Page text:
Overall, seven out of the twelve countries in this assessment are better off in 2016 than in 1996. Brazil shows no change and Canada, Mexico, Germany and the UK are worse than in 1996. East Asian economies record the greatest gains in their wage-rate position. Singapore and South Korea have recorded the most improvement in the reduction of their wage gaps since 1996. In contrast, Canada has recorded the greatest decline, followed by the United Kingdom. Both remain at their lowest point since 1996. Germany continues to have the best position with an actual advantage vis-à-vis the U.S. in PPP wage rates. Yet it remains with an index eight points below its best position.

South Korea has not been able to resume its wage-gap reduction trend. It instead increased it in 2014 to then stall after that. Yet after Singapore, it has reduced its gap the most since 1996. Japan has also stalled since 2012. Singapore in contrast has been able to sustain a wage-gap reduction trend and now has the smallest gap in the region and its smallest ever.

The UK has been steadily losing ground since its best position in ’06 and in 2016 remains at more than double (33% vs 14%). This is the widest wage gap recorded by the UK for the entire 1996-2016 period. Canada’s wage-rate gap has deteriorated dramatically and it is has increased its gap 15 points since 1996, its worst ever. Australia experienced a drastic increase of its wage gap, increasing it by eight points since 2014 and it is now almost at the same position as in 1996.

Among the euro-area countries, despite the euro devaluation against the dollar, France, Italy and Spain have reached a plateau at their smallest or close to their smallest wage gap since 2012. Germany has also stalled, but unlike the other economies, it has done it ten points below its best level, recorded in 2000. Despite the stagnation trend, Italy was able to remain at its best position in 2016.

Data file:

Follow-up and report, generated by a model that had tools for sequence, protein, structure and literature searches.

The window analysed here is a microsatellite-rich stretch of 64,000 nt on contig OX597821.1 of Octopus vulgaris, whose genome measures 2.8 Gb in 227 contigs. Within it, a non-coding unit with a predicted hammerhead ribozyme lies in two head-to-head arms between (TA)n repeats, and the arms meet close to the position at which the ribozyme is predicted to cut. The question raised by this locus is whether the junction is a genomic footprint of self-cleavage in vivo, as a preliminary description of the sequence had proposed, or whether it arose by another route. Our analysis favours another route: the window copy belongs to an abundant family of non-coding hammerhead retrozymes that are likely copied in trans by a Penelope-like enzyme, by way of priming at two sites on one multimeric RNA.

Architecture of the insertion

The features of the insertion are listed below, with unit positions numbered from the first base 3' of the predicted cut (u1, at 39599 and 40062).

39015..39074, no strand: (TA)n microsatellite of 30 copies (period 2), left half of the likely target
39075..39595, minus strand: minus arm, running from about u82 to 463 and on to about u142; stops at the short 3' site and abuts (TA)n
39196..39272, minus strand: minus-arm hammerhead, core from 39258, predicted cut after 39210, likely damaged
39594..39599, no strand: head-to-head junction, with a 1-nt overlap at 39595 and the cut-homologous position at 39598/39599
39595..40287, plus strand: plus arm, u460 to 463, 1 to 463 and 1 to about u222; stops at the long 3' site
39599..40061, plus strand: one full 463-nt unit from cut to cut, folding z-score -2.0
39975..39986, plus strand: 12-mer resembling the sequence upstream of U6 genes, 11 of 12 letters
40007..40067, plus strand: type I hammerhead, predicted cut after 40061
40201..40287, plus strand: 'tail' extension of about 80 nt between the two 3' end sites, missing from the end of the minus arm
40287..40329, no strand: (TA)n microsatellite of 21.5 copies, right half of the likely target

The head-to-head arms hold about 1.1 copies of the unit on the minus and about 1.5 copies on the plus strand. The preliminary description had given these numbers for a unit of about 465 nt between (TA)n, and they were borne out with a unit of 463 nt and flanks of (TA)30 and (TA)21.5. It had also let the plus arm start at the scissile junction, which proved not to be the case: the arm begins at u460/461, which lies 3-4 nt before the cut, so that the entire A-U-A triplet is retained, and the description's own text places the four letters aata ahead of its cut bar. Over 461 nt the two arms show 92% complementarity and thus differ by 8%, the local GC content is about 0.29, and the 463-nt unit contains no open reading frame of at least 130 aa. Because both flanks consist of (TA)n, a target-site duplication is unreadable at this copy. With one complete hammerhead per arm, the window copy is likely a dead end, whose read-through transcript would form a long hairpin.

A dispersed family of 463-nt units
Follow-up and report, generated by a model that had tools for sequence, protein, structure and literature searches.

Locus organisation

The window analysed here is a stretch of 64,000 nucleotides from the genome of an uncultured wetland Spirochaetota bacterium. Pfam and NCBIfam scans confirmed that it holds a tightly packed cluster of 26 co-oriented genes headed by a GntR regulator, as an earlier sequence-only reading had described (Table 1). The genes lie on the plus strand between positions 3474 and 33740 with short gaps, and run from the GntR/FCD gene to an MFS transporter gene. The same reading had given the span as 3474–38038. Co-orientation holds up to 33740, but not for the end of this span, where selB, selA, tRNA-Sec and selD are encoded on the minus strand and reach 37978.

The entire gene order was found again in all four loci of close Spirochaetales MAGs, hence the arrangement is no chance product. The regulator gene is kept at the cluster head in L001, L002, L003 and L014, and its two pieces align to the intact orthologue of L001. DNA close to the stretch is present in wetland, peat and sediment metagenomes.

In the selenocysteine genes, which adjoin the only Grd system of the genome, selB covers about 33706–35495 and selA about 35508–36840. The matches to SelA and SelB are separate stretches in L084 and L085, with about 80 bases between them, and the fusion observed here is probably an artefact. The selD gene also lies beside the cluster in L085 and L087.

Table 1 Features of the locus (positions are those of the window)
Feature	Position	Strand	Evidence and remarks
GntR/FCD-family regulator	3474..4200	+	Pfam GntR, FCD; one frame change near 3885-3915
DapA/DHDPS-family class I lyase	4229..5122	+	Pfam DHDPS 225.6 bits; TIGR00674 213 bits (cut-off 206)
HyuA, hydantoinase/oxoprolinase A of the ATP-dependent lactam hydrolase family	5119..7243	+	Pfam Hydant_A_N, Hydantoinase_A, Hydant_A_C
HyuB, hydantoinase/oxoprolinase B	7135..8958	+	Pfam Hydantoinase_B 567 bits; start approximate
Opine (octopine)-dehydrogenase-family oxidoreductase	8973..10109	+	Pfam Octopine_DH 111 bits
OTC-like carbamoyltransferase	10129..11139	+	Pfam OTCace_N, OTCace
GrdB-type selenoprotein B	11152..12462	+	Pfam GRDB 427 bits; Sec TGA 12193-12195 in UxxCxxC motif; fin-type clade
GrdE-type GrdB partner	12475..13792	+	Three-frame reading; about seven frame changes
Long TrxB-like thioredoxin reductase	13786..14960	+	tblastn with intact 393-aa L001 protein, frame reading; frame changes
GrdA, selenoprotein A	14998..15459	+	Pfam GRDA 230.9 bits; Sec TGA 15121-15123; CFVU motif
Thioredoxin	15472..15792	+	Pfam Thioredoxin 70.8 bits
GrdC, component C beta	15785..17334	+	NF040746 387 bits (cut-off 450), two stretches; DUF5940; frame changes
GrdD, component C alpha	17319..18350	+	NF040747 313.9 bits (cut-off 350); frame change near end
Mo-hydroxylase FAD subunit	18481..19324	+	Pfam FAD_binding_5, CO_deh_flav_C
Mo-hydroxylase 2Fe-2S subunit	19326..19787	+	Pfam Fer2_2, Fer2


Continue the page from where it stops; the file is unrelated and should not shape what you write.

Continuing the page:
Brazil’s prolonged recession has impinged on its wage gap, increasing it by two points since 2014 to a 67 point gap in 2016, the same as in 1996.

Mexico’s track record since 1996 (and since 1985 if we look back at production-line hourly wages) exposes a deliberate State policy of maintaining real wages at the level of modern-slave-work wages. The government’s survey data was improved in 2016 to include all manufacturing units. This has caused indices to drop 25% on average. For instance 2014 was recalculated from a 27 index to a 20 index. Consequently the wage gap is actually much greater than what was being reported and it is now as low as in China, with the difference that China has been increasing real wages steadily. With Mexico there has been virtually no change in equalisation terms for the entire twenty-year period. This makes Mexico, barring the Philippines, the country with the worst living-wage equalisation position of the 34 countries in the three regions of our living-wage gap assessments.

Chart LG2: 1996 – 2016
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